You can't beat good shades. For sight fishing I like the amber color. For comfort on the eyes I find the dark gray better but they don't provide as much contrast as the amber.
Being vision challenged I am particular about glasses. Look for a comfortable fit, the rubber grips on the nose bridge will help keep the specs from sliding down your sunscreened nose. The hinge and spring can rust fast on the cheapos. Like anything you get what you pay for to a point, and then you're just paying for a name.
I like my Action optics CR-39 Rx.
02-24-2004, 09:11 AM
I like glass because they are definitely clearer and they don't scratch up. AO has some really good brown tinted lenses (all hour brown or something to that effect) that are great for both FW and SW sight fishing. Bought a pair Hobies a couple years ago that are the best I've used....all a matter of what lens color you pick and for what application. Shades that wrap to the shape of your face will block the light out of the edges...so fit is important.
02-24-2004, 02:38 PM
I don't know if you have a correction, but if you do check with your local eye doctor. They can make you some polorized in any lens color. My wife works for an eye doc, and had a pair made in polorized grey, plastic lenses, and a very low set bifocal for tying on bugs. I had the bifocal set low so that it doesn't foul me up wading and looking down to see rocks below the water. They can make them without correction also. If you have a frame that you like you can save a lot of money. Not trying to cut off my wife's livelyhood, but the big discount shopping clubs are much more reasonable.
I like large lenses to block the most light so plastic is the best route or they get too heavy and slide down your sweatty nose all day long.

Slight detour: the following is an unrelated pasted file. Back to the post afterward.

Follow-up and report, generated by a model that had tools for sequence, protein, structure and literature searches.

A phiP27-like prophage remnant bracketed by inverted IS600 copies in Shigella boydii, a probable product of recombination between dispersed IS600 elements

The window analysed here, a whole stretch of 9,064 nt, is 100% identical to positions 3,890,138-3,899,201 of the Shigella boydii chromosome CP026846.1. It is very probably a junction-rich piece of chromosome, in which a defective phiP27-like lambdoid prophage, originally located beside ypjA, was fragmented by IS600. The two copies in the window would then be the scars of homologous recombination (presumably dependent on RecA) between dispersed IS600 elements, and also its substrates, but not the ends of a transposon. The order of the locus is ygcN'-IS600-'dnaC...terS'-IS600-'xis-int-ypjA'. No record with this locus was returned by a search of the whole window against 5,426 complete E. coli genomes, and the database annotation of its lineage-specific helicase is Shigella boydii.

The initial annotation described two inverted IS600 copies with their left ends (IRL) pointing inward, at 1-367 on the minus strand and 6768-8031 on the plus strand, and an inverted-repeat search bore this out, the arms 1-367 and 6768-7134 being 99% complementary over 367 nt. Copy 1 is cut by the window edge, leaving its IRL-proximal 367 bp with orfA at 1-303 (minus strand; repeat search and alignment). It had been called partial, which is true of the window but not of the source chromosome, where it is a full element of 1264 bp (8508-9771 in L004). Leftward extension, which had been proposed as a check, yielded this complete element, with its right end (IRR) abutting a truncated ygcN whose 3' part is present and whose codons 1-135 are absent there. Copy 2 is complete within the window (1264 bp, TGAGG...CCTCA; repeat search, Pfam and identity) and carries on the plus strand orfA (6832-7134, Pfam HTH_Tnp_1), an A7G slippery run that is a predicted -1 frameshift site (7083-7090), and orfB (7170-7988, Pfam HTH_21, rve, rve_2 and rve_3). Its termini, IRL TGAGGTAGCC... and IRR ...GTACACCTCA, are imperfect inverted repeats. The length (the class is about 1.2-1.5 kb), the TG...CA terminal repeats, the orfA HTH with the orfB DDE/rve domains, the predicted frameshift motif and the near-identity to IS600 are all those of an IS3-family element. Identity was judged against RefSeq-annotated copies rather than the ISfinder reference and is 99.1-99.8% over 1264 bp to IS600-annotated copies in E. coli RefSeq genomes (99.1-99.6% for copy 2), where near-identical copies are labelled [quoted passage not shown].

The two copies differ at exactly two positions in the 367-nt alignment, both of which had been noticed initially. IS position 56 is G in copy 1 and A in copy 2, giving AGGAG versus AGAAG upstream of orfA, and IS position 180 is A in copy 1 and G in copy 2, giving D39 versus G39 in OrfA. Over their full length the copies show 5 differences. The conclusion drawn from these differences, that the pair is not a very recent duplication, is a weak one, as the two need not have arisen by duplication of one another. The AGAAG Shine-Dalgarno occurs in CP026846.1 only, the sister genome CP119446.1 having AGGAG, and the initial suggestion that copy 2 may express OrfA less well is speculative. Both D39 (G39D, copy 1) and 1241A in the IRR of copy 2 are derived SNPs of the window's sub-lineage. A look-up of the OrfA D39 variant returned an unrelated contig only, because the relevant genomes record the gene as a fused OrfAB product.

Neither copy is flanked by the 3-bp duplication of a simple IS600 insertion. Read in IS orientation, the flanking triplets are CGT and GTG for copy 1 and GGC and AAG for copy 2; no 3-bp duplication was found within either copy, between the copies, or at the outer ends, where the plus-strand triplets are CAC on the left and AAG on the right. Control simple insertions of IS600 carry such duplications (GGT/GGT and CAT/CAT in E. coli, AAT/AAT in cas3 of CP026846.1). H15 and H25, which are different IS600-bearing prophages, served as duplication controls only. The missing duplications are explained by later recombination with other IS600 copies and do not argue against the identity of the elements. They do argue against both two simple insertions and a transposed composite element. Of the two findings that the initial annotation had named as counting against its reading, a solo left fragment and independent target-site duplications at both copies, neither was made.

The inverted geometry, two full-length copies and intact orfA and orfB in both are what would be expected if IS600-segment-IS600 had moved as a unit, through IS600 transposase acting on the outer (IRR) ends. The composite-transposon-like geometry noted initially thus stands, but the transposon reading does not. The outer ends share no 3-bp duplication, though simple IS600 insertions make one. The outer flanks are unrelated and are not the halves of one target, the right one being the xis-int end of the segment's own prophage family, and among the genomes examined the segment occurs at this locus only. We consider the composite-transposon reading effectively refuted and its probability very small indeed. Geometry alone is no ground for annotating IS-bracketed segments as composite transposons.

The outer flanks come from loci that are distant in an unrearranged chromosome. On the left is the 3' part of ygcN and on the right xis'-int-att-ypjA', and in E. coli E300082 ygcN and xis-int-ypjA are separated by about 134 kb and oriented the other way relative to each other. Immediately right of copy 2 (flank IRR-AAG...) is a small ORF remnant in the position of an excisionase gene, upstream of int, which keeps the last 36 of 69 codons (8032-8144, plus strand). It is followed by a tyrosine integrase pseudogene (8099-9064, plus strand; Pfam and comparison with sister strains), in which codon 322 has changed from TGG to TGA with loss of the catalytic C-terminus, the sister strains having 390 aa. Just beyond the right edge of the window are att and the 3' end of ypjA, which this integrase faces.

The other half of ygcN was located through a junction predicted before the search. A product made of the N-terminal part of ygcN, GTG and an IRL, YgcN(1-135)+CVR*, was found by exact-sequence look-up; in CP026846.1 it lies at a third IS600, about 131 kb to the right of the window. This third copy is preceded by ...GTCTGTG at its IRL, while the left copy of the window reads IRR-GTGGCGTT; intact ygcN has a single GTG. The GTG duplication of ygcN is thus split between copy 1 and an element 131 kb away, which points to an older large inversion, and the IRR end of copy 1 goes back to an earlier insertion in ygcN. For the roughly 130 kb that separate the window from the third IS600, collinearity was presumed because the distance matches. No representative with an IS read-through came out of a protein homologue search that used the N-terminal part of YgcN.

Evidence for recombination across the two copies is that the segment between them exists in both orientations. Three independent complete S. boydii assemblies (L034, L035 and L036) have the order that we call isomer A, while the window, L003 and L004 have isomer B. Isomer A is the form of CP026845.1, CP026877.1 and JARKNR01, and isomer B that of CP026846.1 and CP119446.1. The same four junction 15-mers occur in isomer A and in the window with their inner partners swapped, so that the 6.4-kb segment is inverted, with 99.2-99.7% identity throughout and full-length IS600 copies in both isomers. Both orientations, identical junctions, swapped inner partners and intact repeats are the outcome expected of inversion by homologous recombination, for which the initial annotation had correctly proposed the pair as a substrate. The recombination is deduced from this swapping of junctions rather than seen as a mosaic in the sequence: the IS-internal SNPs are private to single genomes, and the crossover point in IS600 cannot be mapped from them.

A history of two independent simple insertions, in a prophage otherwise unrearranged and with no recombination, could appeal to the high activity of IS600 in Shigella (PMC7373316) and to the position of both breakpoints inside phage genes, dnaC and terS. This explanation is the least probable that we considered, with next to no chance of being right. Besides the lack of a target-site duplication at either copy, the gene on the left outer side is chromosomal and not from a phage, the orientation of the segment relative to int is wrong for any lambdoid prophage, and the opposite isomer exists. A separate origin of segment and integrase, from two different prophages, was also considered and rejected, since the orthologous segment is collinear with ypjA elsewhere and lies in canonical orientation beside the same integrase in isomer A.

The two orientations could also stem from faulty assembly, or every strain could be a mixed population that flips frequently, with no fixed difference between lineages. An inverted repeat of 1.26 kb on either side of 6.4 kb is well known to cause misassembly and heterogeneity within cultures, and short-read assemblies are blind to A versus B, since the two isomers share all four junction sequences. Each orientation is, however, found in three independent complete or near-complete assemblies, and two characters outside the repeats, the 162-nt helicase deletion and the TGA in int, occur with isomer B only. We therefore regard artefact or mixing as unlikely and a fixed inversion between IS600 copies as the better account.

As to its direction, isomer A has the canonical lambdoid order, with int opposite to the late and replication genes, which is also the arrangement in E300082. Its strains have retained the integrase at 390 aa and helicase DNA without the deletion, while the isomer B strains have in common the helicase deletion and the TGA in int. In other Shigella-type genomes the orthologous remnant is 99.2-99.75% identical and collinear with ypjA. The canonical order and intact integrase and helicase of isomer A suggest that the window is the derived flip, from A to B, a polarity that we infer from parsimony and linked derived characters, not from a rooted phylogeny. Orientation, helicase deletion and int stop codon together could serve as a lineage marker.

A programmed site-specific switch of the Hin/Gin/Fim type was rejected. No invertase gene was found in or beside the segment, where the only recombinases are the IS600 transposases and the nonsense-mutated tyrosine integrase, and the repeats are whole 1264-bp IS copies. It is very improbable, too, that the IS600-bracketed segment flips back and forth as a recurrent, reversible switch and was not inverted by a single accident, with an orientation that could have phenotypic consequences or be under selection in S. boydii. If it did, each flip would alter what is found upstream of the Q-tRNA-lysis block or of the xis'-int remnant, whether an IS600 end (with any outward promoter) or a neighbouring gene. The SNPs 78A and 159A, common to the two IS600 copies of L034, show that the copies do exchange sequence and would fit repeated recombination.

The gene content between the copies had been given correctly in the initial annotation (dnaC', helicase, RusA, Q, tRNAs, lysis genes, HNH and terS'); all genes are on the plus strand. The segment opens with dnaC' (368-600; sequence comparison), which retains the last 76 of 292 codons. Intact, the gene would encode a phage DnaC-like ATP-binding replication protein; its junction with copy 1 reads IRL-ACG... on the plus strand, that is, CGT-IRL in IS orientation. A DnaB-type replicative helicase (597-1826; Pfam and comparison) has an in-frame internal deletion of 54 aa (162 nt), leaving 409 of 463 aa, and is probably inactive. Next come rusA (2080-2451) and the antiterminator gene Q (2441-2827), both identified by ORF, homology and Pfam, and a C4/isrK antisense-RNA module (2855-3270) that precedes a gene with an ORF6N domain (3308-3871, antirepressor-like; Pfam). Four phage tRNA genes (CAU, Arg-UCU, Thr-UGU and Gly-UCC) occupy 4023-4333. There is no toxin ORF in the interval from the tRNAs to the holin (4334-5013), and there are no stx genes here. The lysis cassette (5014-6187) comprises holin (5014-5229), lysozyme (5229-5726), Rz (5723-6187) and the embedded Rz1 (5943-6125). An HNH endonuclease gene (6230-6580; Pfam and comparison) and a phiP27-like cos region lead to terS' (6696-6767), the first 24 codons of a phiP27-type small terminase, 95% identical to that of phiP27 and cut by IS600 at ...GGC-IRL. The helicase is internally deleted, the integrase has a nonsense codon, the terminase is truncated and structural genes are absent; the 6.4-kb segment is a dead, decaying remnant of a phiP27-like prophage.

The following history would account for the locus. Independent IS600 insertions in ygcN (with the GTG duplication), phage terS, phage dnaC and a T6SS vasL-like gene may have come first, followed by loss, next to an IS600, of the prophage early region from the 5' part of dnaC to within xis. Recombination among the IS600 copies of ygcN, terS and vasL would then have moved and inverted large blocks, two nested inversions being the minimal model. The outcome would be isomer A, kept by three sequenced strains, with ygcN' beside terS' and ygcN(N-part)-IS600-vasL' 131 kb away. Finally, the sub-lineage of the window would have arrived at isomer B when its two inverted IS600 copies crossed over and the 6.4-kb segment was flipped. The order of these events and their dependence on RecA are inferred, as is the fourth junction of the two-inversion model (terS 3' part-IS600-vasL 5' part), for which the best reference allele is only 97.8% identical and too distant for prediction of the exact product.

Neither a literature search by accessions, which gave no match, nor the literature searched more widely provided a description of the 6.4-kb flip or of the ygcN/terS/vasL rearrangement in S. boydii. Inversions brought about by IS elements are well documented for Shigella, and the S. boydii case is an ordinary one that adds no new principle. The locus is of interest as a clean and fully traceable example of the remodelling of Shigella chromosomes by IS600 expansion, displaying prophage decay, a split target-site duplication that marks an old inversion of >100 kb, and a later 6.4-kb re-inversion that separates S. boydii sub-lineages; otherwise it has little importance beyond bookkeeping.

02-25-2004, 07:28 AM
I have not had good luck with eye doctor, when it comes to fishing goggles. Befor I knew about AO, Maui Jim, Costa et all, I had gotten a couple of pairs from a couple of Dr.s . They didn't really understand what I needed and the lense colors were not quite right. The polarisation was not that great (off axis on one pair!) and they were very very expensive. I am not saying that the local Dr. can't get you into the perfect pair of sunglasses, but do the research so you know exactly what you are looking for.
02-25-2004, 07:33 AM
I use Costa Del Mars, I've had 2 pairs. Lost one pair in Alaska fighting a Halibut into our 'Whailer and imediatly bought another pair.
The photo's you see looking down into a river with a naked lens and then with a polorized lens are really realistic.
02-26-2004, 03:04 AM
Eddie's experinces with eye Dr's and fishing glasses do not surprise me. When I first went to my eye Dr for polarized glasses, his first remark was " they are going to be heavier than what you are now wearing." And progressives,,,,,forget cheap.
To make a long story short, what we ended up with was contact lenses to take care of distance. And progressives with zero Rx on the top and close up correction on the bottom. That got the weight down.
They were a gray tint. And although better than the clip ons I had been wearing, they did not provide the contrast that copper or bronze did.
A good eye Dr. should be able to fill your needs. But you must make him fully aware of them. And discuss all the possibilities. I even took magazine adds and web page print outs and had him check them out.
02-26-2004, 01:59 PM
Thank you all for your tips, I do not have Rx considerations, and I decided on a pair of action optics. I did purchase brown polycarb's instead of glass though. I hope they do the job.